If mortgage rates rise to 5 percent or more, consumers say they may just adjust what they're looking for but it won't make them not buy. Forty-four percent of consumers surveyed say that rates spiking to 5 percent or more would make them want to look for a cheaper house or 21 percent say they would save for a larger down payment then. Only 15 percent said mortgage rates that rose by that much would make them no longer want to buy a home. 

Source: "A 5 Percent Mortgage? No Big Deal, Homebuyers Say," (Sept. 11, 2015)


How Sellers Irk Home Buyers

by Melissa Dierks

Home sellers can do lots of things that drive home buyers nuts, from playing mind games to taking things in the home when they move out that they shouldn't have, says McKay Price, assistant professor of real estate finance at Lehigh University.

Read moreThe Pain of Fixture Feuds recently highlighted a few ways that sellers are getting on the nerves of buyers. Among those top offenses:

  • Playing mind games. "What drives a buyer crazy? Falling in love with a house that's not really for sale," according to the article. "Or one that has problems that a seller refuses to fix." Buyers are getting annoyed at homes that need repairs that sellers refuse to make. When a home inspection reveals a home needs a new water heater or roof, for example, sellers often make the repair or adjust the price. But some stubborn sellers insist on doing nothing, says Justin Knoll, president of Madison & Co. Properties and past president of the Denver Board of REALTORS®. For buyers who go ahead, the question becomes: "Where's that money going to come from down the road?" he notes.

Relationship Management3 Ways a First-Time Home Buyer Can Drive You Nuts

  • Fixture feuds. Some sellers may take more from the home than they're allowed, including the chandeliers and maybe even the toilets. Price says one family showed up on moving day to find that sellers removed every single light bulb in the house. Another couple noticed on their final walk-through the sellers had stripped away all the window coverings, even though they were included in the sales contract. (Read more: The Pain of Fixture Feuds.)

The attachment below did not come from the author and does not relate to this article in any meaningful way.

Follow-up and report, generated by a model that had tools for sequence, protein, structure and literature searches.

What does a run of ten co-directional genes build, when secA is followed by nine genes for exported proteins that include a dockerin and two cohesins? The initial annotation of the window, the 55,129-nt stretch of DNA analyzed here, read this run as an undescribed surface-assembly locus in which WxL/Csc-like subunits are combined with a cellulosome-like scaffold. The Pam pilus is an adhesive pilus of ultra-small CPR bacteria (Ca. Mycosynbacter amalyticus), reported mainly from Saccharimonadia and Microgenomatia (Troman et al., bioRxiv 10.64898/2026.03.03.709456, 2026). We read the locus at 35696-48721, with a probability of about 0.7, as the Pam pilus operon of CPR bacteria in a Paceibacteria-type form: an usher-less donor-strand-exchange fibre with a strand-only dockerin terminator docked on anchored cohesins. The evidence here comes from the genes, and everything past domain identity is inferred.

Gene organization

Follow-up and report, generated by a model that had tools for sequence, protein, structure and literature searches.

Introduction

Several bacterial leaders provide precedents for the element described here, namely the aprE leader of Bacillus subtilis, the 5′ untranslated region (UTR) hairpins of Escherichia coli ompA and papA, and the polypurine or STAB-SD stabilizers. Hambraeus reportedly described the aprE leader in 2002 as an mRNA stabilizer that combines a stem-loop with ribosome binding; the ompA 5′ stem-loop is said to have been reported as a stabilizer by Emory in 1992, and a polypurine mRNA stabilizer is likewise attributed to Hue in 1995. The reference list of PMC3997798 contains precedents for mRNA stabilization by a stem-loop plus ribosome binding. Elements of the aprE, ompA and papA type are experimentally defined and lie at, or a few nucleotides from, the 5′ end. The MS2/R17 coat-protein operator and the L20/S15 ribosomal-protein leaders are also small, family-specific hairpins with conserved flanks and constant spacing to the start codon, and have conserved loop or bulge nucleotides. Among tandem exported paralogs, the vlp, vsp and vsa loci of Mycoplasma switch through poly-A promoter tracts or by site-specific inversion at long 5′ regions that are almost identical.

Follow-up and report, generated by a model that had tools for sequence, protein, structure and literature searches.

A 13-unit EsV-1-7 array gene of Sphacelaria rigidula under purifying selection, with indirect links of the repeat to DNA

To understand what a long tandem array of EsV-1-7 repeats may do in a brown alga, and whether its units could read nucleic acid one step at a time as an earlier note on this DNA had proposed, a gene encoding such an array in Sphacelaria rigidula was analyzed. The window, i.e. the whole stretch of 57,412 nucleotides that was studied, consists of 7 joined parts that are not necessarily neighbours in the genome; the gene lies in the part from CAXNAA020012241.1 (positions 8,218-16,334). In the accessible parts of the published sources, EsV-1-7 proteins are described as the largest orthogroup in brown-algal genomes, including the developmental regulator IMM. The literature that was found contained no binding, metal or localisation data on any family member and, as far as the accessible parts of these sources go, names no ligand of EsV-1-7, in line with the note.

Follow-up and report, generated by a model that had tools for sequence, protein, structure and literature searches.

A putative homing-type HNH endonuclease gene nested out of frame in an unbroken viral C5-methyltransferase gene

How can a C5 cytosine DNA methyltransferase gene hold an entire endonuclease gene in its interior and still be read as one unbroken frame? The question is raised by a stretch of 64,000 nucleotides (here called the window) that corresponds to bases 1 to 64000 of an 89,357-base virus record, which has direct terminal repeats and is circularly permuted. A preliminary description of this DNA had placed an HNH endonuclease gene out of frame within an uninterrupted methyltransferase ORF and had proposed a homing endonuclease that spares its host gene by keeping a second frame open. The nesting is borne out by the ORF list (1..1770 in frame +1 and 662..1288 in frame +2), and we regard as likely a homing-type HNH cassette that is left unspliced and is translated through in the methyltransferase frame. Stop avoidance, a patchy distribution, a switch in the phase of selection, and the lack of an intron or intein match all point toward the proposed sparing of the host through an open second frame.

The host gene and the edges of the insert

• Becoming offended. Buyers look at comparables with their real estate agents and look at the asking price – which they agree is too high – and then submit a solid offer. But the offer then gets ignored and the seller appears offended.

"Are they really that thin-skinned? Is it a tactic? And to a serious buyer, does it even make a difference?" the article notes. Pat Vredevoogd Combs, vice president of Coldwell Banker AJS Schmidt in Grand Rapids, Mich., says that it's never smart for a seller to ignore an offer. "Even though it's your home, it's a financial transaction,” she says. "I'd rather have a lowball offer and be able to negotiate than no offer at all. … I tell my clients, look, this is a starting point."

Read more ways that sellers irk buyers at

Source: "Ugh! Here Are 6 Things That Home Sellers Do That Drive Buyers Nuts," (September 2015)


Why September Is The Best Month for Buyers

by Melissa Dierks


Buyers who are willing to close on a home purchase during the off-peak seasons – like fall and winter – tend to have the upper-hand, according to Jonathan Smoke,®'s chief economist. September, in particular, is the best month of this year to sign a contract to purchase a home, according to his analysis.

Read more: Homes Still Selling Fast Heading Into Fall
For one thing, supply is rising, providing home buyers with more choices of homes for sale than they've had in the past 10 months. In the third week of August, inventory was at 1.91 million units, an increase from 21 percent since January, according to®.

"Normally inventory peaks in August and begins to slow as the nights grow longer," Smoke says. "But this year the typical seasonal decline will start a bit later. There will be more choices in September than any other month in 2015."

Also, he says that overall demand is down now that the school year has started so buyers will provide less competition this month too.

"And, of course, with less competition for the most listings all year, pricing power weakens as inventory takes longer to sell," Smoke says.

As an added incentive to home buyers, mortgage rates are remaining low, for now. The 30-year fixed-rate mortgage ended the week under 4 percent due to recent stock market turbulence. In June, 30-year rates were averaging 4.2 percent, but have since fallen.

Source: "Is This September the Perfect Month to Buy a Home?"® (Sept. 1, 2015)

Displaying blog entries 1-5 of 5




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Melissa Dierks
Keller Williams Professional Partners